Puffin populations have been declining fast in the past five years.
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Several dozen bodies of Atlantic puffins have washed up on the shores of the North Eastern United States this year and survival rates of newborn puffins have dropped from 77% to 31%.  The dive in puffin population has scientists concerned for the future of the bird, which has so far been one of the most successful conservation stories known world-wide.  The dead birds are causing scientists to look at the relationship between birds, fishing and climate change.  Warmer water temperatures have changed the available food sources, according to the National Audobon Society.

Large numbers of butterfish were found near breeding grounds, many of them uneaten, indicating that butterfish were too large for puffin hatchlings to digest.  The butterfish are native to a more southern area of the gulf than the traditional diet of herring, but have moved closer to the water’s surface, making them easier to catch.  However, butterfish are also growing more rapidly from an increased rate of phytoplankton, which the fish eat.  The increase in phytoplankton can come from warmer water due to climate change or be an early indicator of a dead zone, an area of water with too much oxygen from fertilizer runoff.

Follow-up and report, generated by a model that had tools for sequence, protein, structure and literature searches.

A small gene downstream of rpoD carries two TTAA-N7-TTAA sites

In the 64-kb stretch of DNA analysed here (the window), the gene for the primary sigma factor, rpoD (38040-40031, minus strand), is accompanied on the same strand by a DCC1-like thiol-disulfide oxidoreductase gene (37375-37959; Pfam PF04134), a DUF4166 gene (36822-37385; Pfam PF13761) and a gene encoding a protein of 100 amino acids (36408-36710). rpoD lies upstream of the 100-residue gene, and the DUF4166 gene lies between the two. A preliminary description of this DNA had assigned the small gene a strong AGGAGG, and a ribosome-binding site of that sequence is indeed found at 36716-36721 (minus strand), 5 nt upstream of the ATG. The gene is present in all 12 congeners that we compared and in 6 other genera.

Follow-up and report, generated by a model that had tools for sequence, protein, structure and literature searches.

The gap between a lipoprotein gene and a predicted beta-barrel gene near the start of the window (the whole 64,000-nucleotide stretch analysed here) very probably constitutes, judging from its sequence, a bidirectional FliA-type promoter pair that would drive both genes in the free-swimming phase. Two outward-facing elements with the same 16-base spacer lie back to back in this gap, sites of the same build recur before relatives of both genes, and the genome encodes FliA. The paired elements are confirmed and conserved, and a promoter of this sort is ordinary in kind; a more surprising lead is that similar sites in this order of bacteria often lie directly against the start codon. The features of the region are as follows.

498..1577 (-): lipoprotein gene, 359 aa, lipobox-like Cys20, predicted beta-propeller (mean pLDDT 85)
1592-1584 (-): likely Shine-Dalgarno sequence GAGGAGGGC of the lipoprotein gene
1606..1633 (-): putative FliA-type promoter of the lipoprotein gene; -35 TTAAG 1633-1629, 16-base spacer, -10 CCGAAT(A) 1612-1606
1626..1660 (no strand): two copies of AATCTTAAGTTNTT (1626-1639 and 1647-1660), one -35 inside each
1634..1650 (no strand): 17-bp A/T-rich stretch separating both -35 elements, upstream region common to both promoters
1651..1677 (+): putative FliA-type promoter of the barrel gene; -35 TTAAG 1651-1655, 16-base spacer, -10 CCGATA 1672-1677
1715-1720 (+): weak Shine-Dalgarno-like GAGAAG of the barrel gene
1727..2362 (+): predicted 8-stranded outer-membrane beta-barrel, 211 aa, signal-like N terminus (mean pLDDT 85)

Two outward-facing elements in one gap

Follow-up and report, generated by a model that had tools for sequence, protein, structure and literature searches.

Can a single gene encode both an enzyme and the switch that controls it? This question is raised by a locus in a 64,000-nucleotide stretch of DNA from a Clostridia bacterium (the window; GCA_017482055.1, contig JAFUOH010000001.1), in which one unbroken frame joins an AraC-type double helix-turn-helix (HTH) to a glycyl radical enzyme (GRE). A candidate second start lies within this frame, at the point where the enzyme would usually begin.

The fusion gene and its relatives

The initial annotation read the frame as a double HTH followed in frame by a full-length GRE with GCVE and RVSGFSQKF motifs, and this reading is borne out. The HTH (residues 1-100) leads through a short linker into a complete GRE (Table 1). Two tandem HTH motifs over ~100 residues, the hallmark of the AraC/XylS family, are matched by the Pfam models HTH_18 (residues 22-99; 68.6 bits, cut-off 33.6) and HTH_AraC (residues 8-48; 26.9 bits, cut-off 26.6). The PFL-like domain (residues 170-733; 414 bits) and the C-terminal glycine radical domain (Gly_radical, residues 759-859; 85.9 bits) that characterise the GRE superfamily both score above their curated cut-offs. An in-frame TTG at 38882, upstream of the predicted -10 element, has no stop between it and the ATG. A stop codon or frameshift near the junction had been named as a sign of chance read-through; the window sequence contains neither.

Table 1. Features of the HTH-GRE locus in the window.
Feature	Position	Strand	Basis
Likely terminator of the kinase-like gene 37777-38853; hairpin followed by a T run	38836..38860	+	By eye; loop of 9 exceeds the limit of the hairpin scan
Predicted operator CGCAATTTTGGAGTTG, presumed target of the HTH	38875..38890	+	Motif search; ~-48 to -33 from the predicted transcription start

A hundred years ago, the Atlantic puffin was nearly extinct after being hunted for food and feathers.  After a ban on wild bird hunting was implemented in 1918 and the Audobon Society worked to conserve the birds, the population grew.  The islands off of Maine began seeing a trickle of the seabirds come to breed in the late 1970s, and today there are several large groups that return from the sea every spring, the largest being around 2,000 birds.  In the last five years, however, the puffins have been declining faster than any other population of bird as the challenges to survival become more about the environment than falling prey to poachers.